The small animal world in the Sontheim Cave
The Sontheim Cave represents a special and very extreme habitat in our homeland. Lack of light, constantly low temperatures, high humidity and little food are the most essential factors that characterise the habitat in a cave. In Sontheim Cave, the low temperature is particularly striking. This is due to the steeply sloping entrance area, through which the cold air flows into the cave in winter. When you descend into the large entrance hall, you enter a cold air collection basin, so to speak. At the deepest point, temperatures of only 5 °C are measured there even in midsummer. In winter, ice stalagmites and cave ice form there and last until March. Only after the bat gate does the cave slowly become warmer. But 7 °C is hardly ever exceeded at ground level. The entrance hall of the Sontheim Cave is thus one of the coldest places in the middle Alb and represents a unique habitat in our region with almost arctic conditions.
The creatures find good living conditions here. The cold does not seem to affect them too much. It is striking that the cave cross spider Meta menardi, which is otherwise common in all cave entrances, is hardly ever found in the Sontheim cave. This damp-loving animal needs draught-free niches leading up into the rock. Such places are missing in the huge entrance hall, which is characterised by frost blasting.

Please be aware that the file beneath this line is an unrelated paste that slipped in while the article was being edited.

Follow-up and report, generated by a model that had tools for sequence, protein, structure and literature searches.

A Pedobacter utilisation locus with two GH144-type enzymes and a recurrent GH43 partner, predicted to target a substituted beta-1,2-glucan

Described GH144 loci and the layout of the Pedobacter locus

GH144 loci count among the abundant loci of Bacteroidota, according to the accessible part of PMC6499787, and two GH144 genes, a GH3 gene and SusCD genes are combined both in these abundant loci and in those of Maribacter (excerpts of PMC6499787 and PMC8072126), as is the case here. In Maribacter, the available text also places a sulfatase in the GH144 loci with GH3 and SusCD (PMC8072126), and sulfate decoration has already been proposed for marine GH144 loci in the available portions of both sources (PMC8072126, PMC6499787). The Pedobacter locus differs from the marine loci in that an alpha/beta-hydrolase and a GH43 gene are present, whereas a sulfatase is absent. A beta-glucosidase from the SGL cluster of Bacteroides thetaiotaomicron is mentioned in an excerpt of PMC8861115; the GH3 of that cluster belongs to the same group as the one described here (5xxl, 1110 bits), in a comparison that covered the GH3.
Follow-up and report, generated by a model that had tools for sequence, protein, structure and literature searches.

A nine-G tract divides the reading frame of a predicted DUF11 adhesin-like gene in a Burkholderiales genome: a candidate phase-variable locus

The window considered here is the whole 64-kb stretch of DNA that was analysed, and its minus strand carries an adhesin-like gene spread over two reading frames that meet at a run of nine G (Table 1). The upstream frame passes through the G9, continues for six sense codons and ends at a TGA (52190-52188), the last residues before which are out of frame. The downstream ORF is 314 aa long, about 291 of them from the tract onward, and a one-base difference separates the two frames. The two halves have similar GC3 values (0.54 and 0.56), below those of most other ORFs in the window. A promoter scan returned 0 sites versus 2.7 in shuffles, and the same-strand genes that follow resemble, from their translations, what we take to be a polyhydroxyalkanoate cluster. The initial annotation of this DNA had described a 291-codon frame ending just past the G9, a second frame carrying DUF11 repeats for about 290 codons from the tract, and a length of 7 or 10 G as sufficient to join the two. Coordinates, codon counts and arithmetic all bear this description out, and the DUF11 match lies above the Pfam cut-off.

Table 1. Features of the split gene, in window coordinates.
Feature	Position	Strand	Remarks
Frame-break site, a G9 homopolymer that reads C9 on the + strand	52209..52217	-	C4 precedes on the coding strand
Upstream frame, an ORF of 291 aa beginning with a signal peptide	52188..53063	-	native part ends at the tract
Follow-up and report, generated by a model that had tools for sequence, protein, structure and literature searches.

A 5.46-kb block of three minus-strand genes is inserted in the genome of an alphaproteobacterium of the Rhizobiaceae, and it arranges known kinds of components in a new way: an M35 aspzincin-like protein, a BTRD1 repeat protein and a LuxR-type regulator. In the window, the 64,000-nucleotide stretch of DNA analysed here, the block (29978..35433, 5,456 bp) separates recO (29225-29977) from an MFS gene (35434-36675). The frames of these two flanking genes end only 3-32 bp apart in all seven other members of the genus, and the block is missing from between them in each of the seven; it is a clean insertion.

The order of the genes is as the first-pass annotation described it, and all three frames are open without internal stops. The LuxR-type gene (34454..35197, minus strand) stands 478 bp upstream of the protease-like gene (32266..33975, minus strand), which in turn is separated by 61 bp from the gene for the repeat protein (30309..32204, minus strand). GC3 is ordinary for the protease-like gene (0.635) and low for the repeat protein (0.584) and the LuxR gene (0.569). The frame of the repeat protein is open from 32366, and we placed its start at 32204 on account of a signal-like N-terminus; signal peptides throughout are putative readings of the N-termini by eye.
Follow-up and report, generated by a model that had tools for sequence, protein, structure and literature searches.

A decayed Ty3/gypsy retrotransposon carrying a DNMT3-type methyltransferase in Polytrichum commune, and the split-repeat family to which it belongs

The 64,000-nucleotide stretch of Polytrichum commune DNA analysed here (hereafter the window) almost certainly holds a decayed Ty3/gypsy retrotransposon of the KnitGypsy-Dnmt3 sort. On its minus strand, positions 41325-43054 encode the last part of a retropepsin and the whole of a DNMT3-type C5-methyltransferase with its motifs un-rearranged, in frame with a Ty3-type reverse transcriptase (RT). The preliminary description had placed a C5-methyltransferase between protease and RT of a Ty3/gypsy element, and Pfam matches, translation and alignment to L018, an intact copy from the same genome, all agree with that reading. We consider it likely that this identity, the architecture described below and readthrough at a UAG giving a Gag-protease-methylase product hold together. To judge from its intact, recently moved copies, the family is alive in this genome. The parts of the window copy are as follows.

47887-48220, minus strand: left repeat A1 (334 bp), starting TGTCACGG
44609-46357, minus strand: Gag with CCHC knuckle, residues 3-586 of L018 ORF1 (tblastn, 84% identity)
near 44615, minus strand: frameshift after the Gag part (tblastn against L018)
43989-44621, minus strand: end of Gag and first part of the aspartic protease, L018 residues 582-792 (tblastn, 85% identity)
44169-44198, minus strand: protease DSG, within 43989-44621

Compared to the dry and cold entrance hall, the regions of this cave far from the daytime are partly very damp, so that puddles and pools of water form in some places. The real cave animals are blind and colourless. They feed on fungi that grow on bat excrement or eat dead animals. Others feed on pollen and organic material that accumulates on the water surfaces of the puddles, carried in by the cold air flow.
The animals found in the final hall showed typical adaptations to life in a cave. For example, all the springtails found there were blind and colourless. One tiny predatory mite also had extremely elongated limbs with which it orientates itself in the eternal darkness. Even mosquitoes live here. These are fungus and fungus gnats, some species of which can even complete their entire life cycle in the caves. Their larvae then live predatorily on the cave walls.
A special find is the double tail (Fig. 28), a proto-insect that can sometimes be observed on the water surface of puddles. The animal still shows very original body features, which document the insects‘ relationship to millipedes.
Fig. 28: Double springtail
Christian Fischer (abridged)
Further information in the brochure on Sontheim Cave, available at the cave ticket office.